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This traditional folk song is known by a number of names including "Barbara Allen", "Barbara Ellen", "Barb'ra Allyn" and "Barbara Hellen". There are also a number of variations. Considerable space is given to it by Bertrand Harris Bronson in Volume II of The Traditional Tunes of the Child Ballads, wherein it is described as "This little song of a spineless lover who gives up the ghost without a struggle, and of his spirited beloved who repents too late".
Bronson's book includes versions from as far afield as County Galway, 1904 - sung by Ann Carter; Mrs Vaisey of Adwell, Oxfordshire, 1892, and several versions from Virginia. Although there are versions from both Scandinavia and Italy, it almost certainly originated in either England or Scotland.
Barbara Allen is Child Ballad 84 and is also listed in the Roud Folk Song Index.
The first mention of the song in print is in The Diary Of Samuel Pepys who wrote in his entry for Tuesday 2 January 1665/66:
"Up by candlelight again, and wrote the greatest part of my business fair, and then to the office, and so home to dinner, and after dinner up and made an end of my fair writing it, and that being done, set two entering while to my Lord Bruncker's, and there find Sir J. Minnes and all his company, and Mr. Boreman and Mrs. Turner, but, above all, my dear Mrs. Knipp, with whom I sang, and in perfect pleasure I was to hear her sing, and especially her little Scotch song of "Barbary Allen;"...'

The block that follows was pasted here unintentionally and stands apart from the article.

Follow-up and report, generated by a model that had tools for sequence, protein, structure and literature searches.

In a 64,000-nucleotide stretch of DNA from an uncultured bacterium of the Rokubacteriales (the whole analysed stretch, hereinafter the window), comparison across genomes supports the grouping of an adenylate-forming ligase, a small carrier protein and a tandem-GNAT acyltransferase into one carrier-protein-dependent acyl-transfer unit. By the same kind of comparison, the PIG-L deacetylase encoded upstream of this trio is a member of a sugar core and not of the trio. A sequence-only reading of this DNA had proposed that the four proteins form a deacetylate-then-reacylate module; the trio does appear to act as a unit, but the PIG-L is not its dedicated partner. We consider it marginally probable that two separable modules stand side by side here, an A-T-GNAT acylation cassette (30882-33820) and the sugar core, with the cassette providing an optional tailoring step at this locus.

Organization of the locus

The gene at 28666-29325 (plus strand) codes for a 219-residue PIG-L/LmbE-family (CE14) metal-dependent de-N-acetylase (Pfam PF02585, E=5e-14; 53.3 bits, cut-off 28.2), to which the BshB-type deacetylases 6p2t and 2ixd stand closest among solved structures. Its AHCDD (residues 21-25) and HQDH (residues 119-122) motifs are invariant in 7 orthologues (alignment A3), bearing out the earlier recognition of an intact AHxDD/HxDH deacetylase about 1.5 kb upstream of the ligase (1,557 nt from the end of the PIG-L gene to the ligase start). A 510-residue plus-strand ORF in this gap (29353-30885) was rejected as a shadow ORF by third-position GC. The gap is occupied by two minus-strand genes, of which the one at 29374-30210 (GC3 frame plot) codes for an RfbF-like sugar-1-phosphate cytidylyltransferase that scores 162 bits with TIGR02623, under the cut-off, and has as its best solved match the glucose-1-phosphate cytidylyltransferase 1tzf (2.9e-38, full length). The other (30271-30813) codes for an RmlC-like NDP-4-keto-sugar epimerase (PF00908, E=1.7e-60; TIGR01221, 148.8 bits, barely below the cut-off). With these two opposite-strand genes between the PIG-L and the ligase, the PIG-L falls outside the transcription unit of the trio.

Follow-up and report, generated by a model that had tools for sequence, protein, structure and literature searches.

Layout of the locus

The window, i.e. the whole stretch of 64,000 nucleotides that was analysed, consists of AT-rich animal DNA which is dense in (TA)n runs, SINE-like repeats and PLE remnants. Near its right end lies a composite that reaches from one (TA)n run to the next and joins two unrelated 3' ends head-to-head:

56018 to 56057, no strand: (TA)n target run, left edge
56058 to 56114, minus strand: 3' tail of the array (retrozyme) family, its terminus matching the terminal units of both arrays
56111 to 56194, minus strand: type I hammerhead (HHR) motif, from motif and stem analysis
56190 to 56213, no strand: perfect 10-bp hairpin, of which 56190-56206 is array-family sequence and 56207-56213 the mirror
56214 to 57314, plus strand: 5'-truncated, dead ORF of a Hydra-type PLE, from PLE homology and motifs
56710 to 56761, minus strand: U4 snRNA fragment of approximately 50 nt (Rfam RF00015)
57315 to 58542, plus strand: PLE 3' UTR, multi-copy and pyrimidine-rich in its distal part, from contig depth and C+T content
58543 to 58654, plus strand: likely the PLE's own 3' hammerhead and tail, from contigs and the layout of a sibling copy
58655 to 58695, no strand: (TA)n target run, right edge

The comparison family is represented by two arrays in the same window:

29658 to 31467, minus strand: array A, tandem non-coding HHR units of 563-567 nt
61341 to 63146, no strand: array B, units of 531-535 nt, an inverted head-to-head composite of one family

The earliest printed version extant and probably ever is held by the British Library which lists it as: Barbara Allen's cruelty; or, the young-man's tragedy etc. [A ballad.]
There are numerous later editions including "Barbara Allen. Two-part song" arranged by Laurence Ager and published by Boosey & Hawkes of London in 1951 as part of Boosey's modern Festival Series; no. 161. (thanks, Alexander Baron - London, England, for above 3)
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